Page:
The Sower by Jean-Francoise Millet
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The Sower is one of Jean-Francois Millet’s most famous paintings, an early masterpiece and a part of an iconic trio that includes The Gleaners and The Angelus.
Millet at first studied painting of portraits at Cherbourg but soon he specialized in another type of paintings. He founded the Barbizon School where the painting of peasant landscapes was a common motif. At the time it was fashionable among the upper-middle class to have these idealized landscapes and characters on the walls, a sort of naïve, politically correct outlook on the farmer’s life.
Millet, who was born in a farming community and knew the hard life of French peasants, decided to give the upper-middle-class something different – a realistic portrait of the suffering, the hardship and the determination of peasant workers and laborers.
The Sower 1865-66
He did that in the mid-1800s’, at the time of the Second French Republic that was created through the work of laborers, workers who greatly outnumbered the upper class. The idea of a workers revolution made the upper classes nervous and uneasy.
And then came Millet who in 1850 submitted The Sower to the Salon de Paris, a very conservative art exhibition, causing a huge scandal. Instead of meek, idealistic peasant set in a beautiful, tranquil landscape, Millet offered the public a strong, muscular young man, looming over the landscape like some sort of a giant, dominating the canvas. He holds seeds in his right hand but it is clenched so hard it looks like he is going to punch someone with a fist. He is a threat to the Parisian bourgeoisie. No wonder the public was shocked. Instead of timid, pleasant, pastel-colored pastoral, they got an intimidating, giant worker towering them.
The Sower is one of Millet’s most famous themes, one he came back to over and over again in the next 20 years (1850-1870). It was a subject he knew well, as he lived in Barbizon and knew the hard life of peasants there. For Millet, the realistic depiction of hard, backbreaking peasant life was a must.
The Sower 1850
Millet’s Sower is a peasant, dressed in simple, practical and rough clothes. He is muscular and resembles Michelangelo’s figures. He has a bag of steeds across his chests. As he works in big strides, throwing seed randomly on the ground, a flock of crows ominously circles behind him on the left, while on the right, in the distance, a man behind a plow prepares the soil for planting.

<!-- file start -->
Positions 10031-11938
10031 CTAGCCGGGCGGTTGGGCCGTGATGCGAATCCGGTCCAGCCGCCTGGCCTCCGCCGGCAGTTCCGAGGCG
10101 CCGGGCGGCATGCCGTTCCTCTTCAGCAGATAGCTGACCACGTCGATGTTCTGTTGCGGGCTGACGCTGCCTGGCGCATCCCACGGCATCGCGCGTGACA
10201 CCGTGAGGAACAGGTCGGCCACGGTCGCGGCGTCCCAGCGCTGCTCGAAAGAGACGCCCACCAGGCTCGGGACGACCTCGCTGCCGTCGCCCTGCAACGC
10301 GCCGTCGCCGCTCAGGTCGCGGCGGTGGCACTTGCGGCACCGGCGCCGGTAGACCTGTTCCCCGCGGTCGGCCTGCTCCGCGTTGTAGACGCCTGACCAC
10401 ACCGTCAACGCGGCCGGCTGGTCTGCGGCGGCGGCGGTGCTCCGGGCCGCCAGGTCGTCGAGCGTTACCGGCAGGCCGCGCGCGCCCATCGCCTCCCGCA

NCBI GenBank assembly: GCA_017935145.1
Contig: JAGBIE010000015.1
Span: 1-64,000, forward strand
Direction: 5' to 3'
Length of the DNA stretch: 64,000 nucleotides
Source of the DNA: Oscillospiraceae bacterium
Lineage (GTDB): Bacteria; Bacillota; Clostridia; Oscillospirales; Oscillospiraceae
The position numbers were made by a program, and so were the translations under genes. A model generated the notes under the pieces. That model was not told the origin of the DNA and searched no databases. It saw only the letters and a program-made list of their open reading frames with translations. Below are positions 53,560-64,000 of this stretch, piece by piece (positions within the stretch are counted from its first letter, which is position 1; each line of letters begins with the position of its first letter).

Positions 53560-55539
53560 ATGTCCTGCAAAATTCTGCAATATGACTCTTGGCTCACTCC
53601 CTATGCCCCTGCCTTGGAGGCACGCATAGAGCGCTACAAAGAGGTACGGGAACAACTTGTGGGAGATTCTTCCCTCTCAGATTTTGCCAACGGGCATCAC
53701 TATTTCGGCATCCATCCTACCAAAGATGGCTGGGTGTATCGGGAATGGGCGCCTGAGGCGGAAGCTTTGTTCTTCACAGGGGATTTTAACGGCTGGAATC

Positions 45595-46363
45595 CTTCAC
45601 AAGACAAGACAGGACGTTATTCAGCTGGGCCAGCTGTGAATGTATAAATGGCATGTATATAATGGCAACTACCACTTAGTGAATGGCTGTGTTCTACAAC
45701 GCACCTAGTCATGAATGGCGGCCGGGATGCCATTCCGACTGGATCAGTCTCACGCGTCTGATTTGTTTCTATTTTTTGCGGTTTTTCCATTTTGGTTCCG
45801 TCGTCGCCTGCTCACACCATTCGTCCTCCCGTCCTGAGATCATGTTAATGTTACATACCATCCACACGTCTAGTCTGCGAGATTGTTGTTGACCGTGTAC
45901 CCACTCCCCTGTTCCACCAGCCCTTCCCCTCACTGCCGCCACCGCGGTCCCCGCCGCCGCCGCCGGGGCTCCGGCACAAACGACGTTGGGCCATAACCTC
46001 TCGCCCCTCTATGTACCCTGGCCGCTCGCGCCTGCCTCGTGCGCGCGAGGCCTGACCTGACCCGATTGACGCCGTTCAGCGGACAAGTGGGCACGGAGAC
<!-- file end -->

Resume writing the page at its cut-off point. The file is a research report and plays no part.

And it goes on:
The Sower dominates the canvas both by size and color. His muscularity and height are accentuated by his long strides, shadows falling over him, the point of view of the viewer who was looking at his feet and then up towards his face, and the small and hunched figure in the background. The primary color of his clothes makes a stark contrast against dark earthy tones of a field. The entire canvas is wrapped in shadows, with light coming from the right of the picture, sunshine piercing through the clouds, announcing the beginning of the working day.
The young man’s eyes are hidden by his hat and his clothes are dirty, but the expression on his face is determined. He is trying to outrun the gathering darkness symbolized by the crows eating up the seeds and undoing his efforts. He will prevail, you can see it on his face.
Millet’s work and his treatments of the theme although mostly frowned upon in his day will have a huge influence on younger artists, especially Vincent Van Gogh who admired him greatly.
Walt Whitman, the American poet, saw in The Sower a prototype of Creative Man, sowing the seeds of a new age.